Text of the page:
Pixelblaze documentation offers a simple pattern for testing that my 3D pixel map volume is indeed doing something in three-dimensional space: a simple call piped coordinates (x,y,z) directly into the HSV (hue, saturation, and value) for a LED color. This turns my LED helix into a cylindrical sample of the HSV color space. With this, I could look for color or brightness variations from one side of the cylinder to the other. A non-repeating variation across a single loop tells me X and Y axis are doing something, and a gradient from top to bottom tells me the Z axis is doing something.
The next step is to go from verifying it does something to verifying the X, Y, and Z axis are indeed pointing in the intended directions. And to do that, I wanted something that visually distinguishes each of the three axis and shows the positive direction for each axis. To meet this requirement, I implemented a Pixelblaze pattern to display my 3D pixel map volume cut up into eight octants.
Each axis will be assigned a color. To keep the axis color assignments easy to remember, They’ll be mapped in the order they’re typically named. Color components are usually listed in RGB order, and coordinates listed in XYZ order. Keeping the same order in both means red is X, green is Y, and blue is Z.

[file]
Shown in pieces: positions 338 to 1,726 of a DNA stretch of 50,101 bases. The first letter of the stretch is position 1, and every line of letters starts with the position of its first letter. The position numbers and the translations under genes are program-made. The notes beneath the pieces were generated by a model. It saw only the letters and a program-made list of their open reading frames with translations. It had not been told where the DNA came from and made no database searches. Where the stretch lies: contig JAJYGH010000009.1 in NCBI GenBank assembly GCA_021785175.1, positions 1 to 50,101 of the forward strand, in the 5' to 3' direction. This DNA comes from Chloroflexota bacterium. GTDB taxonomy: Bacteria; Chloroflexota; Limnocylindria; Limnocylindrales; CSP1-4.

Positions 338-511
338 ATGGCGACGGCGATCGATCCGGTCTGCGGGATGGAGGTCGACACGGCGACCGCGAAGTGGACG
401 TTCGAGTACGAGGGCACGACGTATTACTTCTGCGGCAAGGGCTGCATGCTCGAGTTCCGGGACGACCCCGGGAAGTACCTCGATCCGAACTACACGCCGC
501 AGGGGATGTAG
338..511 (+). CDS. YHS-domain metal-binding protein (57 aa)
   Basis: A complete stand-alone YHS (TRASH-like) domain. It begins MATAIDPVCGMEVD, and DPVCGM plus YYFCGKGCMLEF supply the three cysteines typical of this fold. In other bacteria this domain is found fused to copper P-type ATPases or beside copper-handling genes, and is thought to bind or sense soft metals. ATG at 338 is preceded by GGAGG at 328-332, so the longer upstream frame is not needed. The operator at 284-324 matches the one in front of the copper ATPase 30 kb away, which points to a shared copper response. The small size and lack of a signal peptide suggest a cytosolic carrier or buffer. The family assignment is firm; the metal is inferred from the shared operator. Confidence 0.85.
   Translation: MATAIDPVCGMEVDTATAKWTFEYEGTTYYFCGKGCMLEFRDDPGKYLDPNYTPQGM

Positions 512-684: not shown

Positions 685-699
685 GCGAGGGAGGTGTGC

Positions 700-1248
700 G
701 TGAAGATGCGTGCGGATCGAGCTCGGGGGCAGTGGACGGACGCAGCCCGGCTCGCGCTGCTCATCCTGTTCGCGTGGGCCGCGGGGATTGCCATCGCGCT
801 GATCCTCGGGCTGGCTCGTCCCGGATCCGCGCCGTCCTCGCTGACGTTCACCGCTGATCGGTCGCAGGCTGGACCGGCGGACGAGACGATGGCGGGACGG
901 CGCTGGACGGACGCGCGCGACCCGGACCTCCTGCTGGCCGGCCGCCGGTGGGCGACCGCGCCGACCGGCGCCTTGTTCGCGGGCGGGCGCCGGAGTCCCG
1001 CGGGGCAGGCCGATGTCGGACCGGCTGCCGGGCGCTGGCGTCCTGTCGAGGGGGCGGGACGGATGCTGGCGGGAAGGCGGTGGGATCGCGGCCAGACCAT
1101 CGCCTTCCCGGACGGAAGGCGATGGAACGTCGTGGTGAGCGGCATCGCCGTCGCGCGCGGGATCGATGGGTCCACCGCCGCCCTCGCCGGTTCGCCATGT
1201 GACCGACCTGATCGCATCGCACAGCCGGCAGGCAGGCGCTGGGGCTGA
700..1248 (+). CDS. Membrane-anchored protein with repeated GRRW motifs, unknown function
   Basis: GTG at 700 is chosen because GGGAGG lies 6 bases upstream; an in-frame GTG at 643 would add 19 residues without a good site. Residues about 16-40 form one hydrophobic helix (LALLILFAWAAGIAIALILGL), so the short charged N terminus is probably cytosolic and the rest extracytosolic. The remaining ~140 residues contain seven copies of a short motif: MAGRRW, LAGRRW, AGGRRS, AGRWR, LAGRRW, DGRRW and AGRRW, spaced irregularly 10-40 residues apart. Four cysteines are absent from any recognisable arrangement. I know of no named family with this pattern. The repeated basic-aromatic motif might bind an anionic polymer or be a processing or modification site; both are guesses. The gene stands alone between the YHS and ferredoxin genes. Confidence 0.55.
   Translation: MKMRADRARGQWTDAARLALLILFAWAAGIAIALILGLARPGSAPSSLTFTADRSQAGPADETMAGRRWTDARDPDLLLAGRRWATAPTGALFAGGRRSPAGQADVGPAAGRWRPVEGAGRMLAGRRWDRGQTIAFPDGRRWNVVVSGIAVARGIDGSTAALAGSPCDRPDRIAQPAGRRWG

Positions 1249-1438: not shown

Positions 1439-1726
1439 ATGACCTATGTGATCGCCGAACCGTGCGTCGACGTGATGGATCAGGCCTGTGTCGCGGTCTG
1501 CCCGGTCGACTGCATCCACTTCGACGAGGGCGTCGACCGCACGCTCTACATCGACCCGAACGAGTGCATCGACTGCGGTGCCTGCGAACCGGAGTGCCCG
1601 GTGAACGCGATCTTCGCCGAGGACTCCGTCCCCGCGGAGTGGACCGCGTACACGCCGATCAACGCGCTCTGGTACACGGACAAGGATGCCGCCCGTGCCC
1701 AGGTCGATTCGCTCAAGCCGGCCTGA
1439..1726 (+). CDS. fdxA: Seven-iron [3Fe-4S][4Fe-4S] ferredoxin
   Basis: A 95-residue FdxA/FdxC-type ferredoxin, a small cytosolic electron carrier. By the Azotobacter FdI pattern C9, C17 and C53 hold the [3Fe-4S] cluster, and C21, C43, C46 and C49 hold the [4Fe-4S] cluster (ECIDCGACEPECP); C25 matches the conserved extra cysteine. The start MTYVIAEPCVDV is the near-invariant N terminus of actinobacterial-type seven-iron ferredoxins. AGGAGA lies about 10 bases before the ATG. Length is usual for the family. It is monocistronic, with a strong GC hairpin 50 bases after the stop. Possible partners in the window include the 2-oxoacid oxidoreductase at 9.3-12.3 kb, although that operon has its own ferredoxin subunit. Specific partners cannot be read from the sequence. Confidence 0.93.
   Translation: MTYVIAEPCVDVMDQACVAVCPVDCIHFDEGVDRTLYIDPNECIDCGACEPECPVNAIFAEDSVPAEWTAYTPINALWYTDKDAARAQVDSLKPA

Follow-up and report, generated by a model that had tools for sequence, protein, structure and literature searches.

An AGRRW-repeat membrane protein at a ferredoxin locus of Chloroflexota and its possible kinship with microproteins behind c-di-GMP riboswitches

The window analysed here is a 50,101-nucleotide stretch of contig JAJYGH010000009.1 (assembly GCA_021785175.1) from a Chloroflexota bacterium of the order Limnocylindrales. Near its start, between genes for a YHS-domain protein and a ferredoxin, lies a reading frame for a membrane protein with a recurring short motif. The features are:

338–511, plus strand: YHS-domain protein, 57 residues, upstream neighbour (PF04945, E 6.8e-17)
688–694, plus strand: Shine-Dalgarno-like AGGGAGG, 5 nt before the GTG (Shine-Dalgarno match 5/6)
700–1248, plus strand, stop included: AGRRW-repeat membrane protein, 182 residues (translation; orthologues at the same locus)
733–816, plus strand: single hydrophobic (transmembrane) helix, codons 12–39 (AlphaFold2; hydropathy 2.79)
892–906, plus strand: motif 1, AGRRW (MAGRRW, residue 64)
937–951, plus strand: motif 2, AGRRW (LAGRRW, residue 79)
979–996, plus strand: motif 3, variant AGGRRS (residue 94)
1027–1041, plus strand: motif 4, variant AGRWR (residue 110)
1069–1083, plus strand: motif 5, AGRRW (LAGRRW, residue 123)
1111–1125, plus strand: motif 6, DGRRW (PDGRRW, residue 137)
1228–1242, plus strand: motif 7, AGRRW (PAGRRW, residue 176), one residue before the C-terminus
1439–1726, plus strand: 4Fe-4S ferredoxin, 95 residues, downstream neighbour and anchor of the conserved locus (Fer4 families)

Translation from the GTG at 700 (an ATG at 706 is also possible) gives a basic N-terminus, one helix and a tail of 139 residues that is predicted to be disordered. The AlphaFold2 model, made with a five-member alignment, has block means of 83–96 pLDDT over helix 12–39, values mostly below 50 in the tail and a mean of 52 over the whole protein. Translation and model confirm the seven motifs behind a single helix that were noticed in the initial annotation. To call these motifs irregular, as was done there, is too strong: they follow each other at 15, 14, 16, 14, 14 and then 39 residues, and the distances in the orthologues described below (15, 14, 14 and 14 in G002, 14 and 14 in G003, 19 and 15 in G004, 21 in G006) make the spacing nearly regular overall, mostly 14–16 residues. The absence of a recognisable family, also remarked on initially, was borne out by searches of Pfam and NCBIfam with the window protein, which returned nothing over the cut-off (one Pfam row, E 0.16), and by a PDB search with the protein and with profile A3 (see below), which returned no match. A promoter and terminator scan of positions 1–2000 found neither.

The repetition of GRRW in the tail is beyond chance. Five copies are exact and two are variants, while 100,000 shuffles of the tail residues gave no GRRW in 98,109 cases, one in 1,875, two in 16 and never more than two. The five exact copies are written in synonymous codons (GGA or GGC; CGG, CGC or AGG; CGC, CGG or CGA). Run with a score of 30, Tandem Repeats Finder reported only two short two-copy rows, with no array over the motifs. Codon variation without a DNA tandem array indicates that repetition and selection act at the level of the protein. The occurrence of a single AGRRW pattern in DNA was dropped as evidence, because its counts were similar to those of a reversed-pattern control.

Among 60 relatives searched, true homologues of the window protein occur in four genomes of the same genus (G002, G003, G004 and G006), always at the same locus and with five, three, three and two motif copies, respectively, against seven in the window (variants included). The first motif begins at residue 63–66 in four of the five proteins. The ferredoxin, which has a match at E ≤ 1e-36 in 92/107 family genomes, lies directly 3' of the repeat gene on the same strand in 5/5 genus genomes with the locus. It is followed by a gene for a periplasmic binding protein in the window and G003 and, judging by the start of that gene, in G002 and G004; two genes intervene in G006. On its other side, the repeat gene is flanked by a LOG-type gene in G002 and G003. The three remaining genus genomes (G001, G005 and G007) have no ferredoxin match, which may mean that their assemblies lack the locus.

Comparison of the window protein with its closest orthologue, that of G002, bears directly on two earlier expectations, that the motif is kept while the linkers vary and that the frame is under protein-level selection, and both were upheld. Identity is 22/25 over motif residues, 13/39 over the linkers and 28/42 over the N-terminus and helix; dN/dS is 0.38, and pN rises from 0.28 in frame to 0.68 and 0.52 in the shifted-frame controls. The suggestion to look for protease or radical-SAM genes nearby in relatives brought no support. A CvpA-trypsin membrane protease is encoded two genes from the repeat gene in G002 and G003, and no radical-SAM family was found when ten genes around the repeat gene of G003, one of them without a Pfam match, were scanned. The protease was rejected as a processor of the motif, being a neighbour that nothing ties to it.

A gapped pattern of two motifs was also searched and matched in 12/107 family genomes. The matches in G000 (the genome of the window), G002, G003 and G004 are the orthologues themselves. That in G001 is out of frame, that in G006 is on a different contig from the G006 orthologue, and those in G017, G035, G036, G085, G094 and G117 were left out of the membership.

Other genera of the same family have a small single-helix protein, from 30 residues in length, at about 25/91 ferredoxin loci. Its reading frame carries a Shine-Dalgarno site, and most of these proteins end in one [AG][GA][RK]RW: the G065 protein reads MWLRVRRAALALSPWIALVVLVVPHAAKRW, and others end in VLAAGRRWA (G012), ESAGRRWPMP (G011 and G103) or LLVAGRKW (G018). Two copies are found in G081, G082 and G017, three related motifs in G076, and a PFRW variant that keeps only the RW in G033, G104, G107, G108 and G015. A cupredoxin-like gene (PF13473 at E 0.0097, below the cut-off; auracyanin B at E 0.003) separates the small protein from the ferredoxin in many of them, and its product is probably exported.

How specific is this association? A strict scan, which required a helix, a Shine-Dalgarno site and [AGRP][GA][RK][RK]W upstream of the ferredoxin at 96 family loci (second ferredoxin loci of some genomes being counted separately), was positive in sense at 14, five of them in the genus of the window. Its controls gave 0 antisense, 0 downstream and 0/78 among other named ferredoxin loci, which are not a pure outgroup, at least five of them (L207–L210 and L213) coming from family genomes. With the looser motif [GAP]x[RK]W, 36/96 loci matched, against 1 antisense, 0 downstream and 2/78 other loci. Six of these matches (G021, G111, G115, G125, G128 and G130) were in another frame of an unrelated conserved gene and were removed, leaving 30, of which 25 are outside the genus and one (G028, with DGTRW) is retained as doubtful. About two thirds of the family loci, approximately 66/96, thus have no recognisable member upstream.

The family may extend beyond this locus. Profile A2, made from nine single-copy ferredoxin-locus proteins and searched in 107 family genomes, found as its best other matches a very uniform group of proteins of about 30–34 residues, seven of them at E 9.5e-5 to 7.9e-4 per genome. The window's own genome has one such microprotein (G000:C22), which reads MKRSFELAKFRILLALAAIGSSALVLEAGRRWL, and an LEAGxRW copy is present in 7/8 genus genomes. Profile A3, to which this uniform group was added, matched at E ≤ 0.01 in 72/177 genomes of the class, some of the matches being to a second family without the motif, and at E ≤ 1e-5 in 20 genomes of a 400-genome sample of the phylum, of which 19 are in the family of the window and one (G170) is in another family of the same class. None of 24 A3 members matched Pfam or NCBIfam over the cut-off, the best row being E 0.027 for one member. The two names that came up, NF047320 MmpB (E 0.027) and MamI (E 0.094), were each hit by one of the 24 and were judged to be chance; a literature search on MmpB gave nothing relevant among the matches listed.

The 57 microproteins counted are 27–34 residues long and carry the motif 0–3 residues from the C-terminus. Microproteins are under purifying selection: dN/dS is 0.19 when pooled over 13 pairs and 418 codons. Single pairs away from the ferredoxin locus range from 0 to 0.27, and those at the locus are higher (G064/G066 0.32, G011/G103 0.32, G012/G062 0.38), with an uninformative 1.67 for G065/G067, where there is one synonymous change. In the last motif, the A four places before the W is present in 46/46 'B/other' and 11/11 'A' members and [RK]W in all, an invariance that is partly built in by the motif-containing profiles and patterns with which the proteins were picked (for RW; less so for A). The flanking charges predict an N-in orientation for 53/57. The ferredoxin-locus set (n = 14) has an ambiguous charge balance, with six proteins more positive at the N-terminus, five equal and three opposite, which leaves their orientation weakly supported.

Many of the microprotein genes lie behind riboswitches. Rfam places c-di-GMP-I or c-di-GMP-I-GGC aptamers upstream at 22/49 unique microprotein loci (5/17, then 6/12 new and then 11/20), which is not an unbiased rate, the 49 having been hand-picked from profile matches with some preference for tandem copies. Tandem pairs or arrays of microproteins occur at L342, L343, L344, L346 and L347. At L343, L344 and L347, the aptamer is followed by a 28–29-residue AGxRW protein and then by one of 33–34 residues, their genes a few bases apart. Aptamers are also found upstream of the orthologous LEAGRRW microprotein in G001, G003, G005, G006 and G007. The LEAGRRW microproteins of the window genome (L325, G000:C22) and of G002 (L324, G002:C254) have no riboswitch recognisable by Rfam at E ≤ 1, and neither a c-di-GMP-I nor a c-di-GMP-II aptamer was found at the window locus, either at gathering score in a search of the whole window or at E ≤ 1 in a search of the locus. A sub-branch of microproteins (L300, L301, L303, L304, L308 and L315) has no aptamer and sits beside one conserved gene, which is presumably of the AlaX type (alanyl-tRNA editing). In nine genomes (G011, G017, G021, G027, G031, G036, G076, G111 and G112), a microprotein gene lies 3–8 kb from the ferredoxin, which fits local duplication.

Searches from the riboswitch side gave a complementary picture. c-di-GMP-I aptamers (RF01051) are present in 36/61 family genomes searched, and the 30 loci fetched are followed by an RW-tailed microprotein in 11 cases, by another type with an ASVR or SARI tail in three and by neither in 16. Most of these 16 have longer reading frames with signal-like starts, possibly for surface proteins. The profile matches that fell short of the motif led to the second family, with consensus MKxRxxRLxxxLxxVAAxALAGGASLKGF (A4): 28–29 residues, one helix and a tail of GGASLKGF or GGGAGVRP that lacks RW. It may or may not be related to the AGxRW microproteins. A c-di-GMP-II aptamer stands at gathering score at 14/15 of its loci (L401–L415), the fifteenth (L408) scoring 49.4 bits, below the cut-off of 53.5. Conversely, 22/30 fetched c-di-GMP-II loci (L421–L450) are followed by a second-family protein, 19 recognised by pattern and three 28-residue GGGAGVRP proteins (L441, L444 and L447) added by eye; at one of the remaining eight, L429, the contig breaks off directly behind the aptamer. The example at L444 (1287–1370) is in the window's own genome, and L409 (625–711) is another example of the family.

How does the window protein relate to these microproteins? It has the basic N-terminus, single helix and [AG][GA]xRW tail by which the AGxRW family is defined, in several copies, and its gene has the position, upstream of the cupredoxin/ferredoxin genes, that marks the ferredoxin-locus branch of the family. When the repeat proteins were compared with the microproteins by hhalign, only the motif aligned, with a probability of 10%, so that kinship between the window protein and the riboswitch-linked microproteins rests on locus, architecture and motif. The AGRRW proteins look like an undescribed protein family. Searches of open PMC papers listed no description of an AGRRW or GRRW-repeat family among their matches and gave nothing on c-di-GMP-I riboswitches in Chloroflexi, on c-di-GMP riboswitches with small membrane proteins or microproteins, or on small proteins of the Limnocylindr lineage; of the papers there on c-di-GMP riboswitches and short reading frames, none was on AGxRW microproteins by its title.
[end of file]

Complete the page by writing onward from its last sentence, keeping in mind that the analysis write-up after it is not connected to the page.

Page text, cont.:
Along each axis, the positive direction half of the pixels will receive the assigned color. Pixelblaze
render3D() coordinate parameters are given in the range from 0.0 to 1.0, so pixels with a coordinate from 0.5 to 1.0 will receive the color assigned to that axis.
- (0,0,0) lies in the negative direction of every axis, so it doesn’t receive any color and will be black.
- (1,1,1) lies in the positive half of every axis, so it receives R, G, and B turning white.
- (0.75, 0.15, 0.35) lies in the upper half of X, but lower half of Y and Z. So this pixel is assigned red.
render3D() pattern displayed on a 3D pixel mapped display will visually indicate alignment and direction of X by all the pixels with a red component, alignment and direction of Y with green, and Z with blue.
It is a functional test pattern, but not very visually dynamic. Pixelblaze is all about animated LED patterns, so the next step is to make an animated variant of this test pattern.